58 – I Never Thought …..

It’s the end of May.  How much has changed in the past year. 

In May last year I was busy with my freelance work, preparing training courses to help charities in Devon and elsewhere to improve their fundraising skills by writing better funding applications, and training Trustees of charities working with prisoners and ex-offenders.  Diary full of commitments.

In May last year I was viewing properties in Spain, able to buy if I found just the right thing, but with no pressure so to do – I could do more visits to different areas until the right home came along.

In May last year I was driving up the A30 to Salisbury Hospital every day to see my mother.

Only a year ago.  A whole lifetime ago.

I never thought I’d retire.  I used to think “Even if I won the Lottery, I’d still work, helping charities achieve their objectives.”  Turns out I didn’t know myself as well as I thought I did.  Though perhaps I did – I still get requests to look at final draft funding applications or draft constitutions.  Sometimes I say yes, and do it pro bono.  Not always.  If there’s time.  There often isn’t – life after early retirement is full to over-flowing.  Never thought of me, retired.

I never thought I’d buy the second house I viewed.  Others go on a dozen house-hunting trips, first narrowing down the area, then viewing twenty or more houses.  I’d only been to Colmenar once before.  Liked it, hadn’t yet fallen in love with it.  There was no rush to buy.  I’d saved up over the previous ten years, had a budget, could buy if I wanted but no pressure.  Mum had nudged me to go on a house-hunting trip.  Saw four, bought the second.  Never thought I’d buy on that first trip.  Never thought I’d find my new home.

Never thought mum would die.  We only went in for a chest X-ray.  “Bit of fluid on the lung” said the doctor, “we’ll keep her in a couple of nights.”  Three weeks later, transfer out of Salisbury Hospital to our little community hospital in Shaftesbury.  When I arrived, an hour after her, the nurses looked at me with kindness and with pity.  They knew.

Never thought mum would die.  Early stages of Alzheimer’s, she had.   And a bit of fluid on the lung.  We’d had our regular Sunday Scrabble game just a few weeks before.  But at the little hospital – they knew.  Twenty-two years after she gave up smoking, it got her.  We’d celebrated her giving up, aged 60, by walking the Dales Way.  Ilkley to Windermere – a lovely week.  So she never did have Alzheimer’s.  The massive, creeping, secondary tumour in her brain was just squeezing out the memories.  Control, Alt, Delete.  One by one it pushed out random memories and slivers of personality.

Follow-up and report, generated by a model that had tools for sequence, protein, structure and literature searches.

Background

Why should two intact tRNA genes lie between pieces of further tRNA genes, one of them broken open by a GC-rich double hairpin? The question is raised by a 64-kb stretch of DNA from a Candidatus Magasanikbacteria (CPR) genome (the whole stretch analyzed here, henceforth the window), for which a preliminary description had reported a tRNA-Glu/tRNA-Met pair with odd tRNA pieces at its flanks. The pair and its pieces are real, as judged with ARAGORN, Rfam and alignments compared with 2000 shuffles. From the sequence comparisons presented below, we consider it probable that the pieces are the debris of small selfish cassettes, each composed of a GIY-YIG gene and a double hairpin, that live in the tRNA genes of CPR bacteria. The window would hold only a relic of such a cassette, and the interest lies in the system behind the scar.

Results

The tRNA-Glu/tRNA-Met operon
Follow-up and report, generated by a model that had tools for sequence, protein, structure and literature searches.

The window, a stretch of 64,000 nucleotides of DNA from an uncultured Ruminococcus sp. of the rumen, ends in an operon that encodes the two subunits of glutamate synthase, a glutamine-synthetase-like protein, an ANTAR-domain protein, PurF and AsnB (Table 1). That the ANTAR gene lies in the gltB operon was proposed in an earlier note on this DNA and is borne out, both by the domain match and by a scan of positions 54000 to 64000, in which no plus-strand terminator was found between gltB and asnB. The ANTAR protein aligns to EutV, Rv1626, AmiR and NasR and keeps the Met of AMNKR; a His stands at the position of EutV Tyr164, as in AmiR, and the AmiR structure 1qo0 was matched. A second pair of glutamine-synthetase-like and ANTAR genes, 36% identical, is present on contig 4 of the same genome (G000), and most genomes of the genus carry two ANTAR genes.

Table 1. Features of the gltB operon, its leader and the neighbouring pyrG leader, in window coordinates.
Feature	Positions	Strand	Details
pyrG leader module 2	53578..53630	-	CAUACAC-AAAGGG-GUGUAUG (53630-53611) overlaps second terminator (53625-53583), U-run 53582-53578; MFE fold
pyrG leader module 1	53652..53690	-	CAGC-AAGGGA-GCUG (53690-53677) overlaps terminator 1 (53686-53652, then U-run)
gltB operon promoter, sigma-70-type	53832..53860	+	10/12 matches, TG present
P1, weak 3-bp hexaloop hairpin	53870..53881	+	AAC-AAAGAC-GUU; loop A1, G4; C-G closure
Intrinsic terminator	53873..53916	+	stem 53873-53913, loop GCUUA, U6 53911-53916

15-mum-aNever thought mum would die.  She was meant to come home after the X-ray, then after they drained the fluid.  But there was that look on the face of the nurses.  “Poor Tamara” their faces said.  I’m invited into the GP’s office. He gives it the name.  The one nobody wants to hear.  Scarier than Alzheimer’s.  Scarier than fluid on the lung.  Found so late, she only has a few days left.   All around Shaftesbury bunting is everywhere, all around the country royal fever is at its height.  Diamond Jubilee weekend.  “You’ve got a house, haven’t you?  A home in Spain?” she asked me, urgently.  “Yes mum, a lovely house.”  “Good,” she said,  “You’ll be fine.”  Rare coherence.  It seemed to be important to her.

Never thought that mum would die.

Not ever.

It changes everything.  Everything is different now.

Most of it is good.  Very good.  Some of it can’t ever be fixed.


© Tamara Essex 2013

19 thoughts on “58 – I Never Thought …..

  1. Pure empathy, Tamara, will strike a chord with anyone who’s lost their Mum (me, last year). I still talk to mine regularly – and argue with her – usually when I’m going to light up a fag because I can hear her saying ‘don’t’! She’ll only really die when I do!